Characterizing core and corridor use by Nubian ibex in the Negev Desert, Israel

Yehoshua Shkedy, David Saltz

Research output: Contribution to journalArticlepeer-review

21 Scopus citations


Corridors have become a key element of conservation efforts. To identify and characterize corridors used by Nubian ibex (Capra ibex nubiana), we analyzed sighting data recorded for the past 20 years in the Israel Nature Reserves Authority data banks. We categorized each recorded sighting as belonging to a corridor or a core zone based on the total number of sightings in its vicinity. We identified three main core populations, a natural corridor connecting two of them, and a corridor that was not evident connecting the third population. Ibex inside and outside core zones were sighted on steeper terrain than expected by chance; this was more pronounced inside the core zones than outside them. We hypothesize that because ibex outside core zones must move rapidly and directionally across unfamiliar habitats, they must use more moderate terrain. Although ibex sightings in core zones were mostly in the vicinity of water, we found no relationship between the location of the sightings and proximity to water sources in the corridor. Hence, water does not appear to be an important factor in movement through corridors. It was more common to observe ibex out of the core zones during the summer. Males, which can be twice the size of females, were found traveling alone in corridors more often than in core zones. There was no difference between males and females in the steepness of terrain in which they were sighted outside core zones. Our data show that protecting ibex habitat in core zones and corridors is important to ibex conservation in Israel's arid zones. In addition, protecting this habitat may benefit other rock-dwelling species in the area.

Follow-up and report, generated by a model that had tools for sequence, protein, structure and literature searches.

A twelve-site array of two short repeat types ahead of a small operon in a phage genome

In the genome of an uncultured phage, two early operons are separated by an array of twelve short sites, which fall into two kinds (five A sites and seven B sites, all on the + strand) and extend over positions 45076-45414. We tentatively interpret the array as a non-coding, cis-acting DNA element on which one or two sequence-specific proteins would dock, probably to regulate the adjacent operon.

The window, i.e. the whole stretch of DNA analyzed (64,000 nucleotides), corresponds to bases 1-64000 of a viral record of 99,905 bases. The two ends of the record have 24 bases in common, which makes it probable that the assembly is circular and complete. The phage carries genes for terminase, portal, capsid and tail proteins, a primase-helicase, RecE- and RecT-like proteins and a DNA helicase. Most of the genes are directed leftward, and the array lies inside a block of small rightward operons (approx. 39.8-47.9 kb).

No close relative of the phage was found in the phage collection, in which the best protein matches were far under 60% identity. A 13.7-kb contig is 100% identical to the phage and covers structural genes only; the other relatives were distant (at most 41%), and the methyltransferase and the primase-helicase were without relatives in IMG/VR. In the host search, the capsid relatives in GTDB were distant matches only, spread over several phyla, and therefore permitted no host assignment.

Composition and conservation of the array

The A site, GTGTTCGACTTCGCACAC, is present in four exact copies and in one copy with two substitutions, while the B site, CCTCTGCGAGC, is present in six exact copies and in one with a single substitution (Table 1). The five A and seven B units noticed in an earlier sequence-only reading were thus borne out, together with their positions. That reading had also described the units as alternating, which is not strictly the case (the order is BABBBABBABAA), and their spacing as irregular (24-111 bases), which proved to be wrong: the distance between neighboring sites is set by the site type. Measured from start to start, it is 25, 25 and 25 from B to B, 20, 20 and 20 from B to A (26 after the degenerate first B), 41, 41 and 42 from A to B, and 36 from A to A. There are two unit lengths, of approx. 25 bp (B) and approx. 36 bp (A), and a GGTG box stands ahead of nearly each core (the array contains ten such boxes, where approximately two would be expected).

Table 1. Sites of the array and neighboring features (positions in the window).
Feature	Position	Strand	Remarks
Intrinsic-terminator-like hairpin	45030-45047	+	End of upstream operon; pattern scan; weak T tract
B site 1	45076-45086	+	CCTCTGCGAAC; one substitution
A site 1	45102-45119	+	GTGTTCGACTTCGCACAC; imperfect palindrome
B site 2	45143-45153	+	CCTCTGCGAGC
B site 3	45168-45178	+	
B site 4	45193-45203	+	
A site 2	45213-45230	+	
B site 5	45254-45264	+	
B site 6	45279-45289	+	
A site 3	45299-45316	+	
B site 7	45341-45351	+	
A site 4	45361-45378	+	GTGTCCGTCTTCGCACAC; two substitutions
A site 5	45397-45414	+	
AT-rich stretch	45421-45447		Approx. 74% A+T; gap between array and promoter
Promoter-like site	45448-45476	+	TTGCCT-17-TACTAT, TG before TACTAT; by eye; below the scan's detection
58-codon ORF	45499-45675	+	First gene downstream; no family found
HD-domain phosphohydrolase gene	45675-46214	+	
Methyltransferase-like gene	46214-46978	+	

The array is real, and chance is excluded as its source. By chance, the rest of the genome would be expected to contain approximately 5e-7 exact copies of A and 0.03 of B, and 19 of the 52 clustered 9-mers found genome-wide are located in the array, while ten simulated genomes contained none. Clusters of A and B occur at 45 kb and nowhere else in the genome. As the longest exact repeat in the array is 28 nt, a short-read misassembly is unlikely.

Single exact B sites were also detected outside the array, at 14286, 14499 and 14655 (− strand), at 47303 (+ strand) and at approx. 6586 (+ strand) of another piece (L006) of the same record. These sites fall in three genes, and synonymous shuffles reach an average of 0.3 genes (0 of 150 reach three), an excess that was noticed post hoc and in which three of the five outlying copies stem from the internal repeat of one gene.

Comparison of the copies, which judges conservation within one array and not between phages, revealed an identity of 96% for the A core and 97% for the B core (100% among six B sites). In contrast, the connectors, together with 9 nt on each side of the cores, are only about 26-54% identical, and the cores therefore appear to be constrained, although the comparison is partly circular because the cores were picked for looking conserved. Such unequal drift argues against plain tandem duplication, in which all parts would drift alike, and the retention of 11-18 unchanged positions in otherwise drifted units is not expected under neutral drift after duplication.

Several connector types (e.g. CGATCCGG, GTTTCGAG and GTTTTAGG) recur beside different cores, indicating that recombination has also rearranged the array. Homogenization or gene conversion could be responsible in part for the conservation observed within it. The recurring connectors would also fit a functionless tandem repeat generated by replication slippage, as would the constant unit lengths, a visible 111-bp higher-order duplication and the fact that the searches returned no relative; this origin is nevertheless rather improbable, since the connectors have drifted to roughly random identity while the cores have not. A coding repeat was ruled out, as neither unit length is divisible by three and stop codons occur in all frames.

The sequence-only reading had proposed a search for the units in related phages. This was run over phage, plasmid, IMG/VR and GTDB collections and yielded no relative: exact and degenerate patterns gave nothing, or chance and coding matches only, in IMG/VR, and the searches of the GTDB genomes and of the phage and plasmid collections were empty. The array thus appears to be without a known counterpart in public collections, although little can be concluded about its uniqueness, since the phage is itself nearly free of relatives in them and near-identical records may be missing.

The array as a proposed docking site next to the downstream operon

Original languageEnglish
Pages (from-to)200-206
Number of pages7
JournalConservation Biology
Issue number1
StatePublished - 1 Feb 2000
Externally publishedYes

ASJC Scopus subject areas

  • Ecology, Evolution, Behavior and Systematics
  • Ecology
  • Nature and Landscape Conservation


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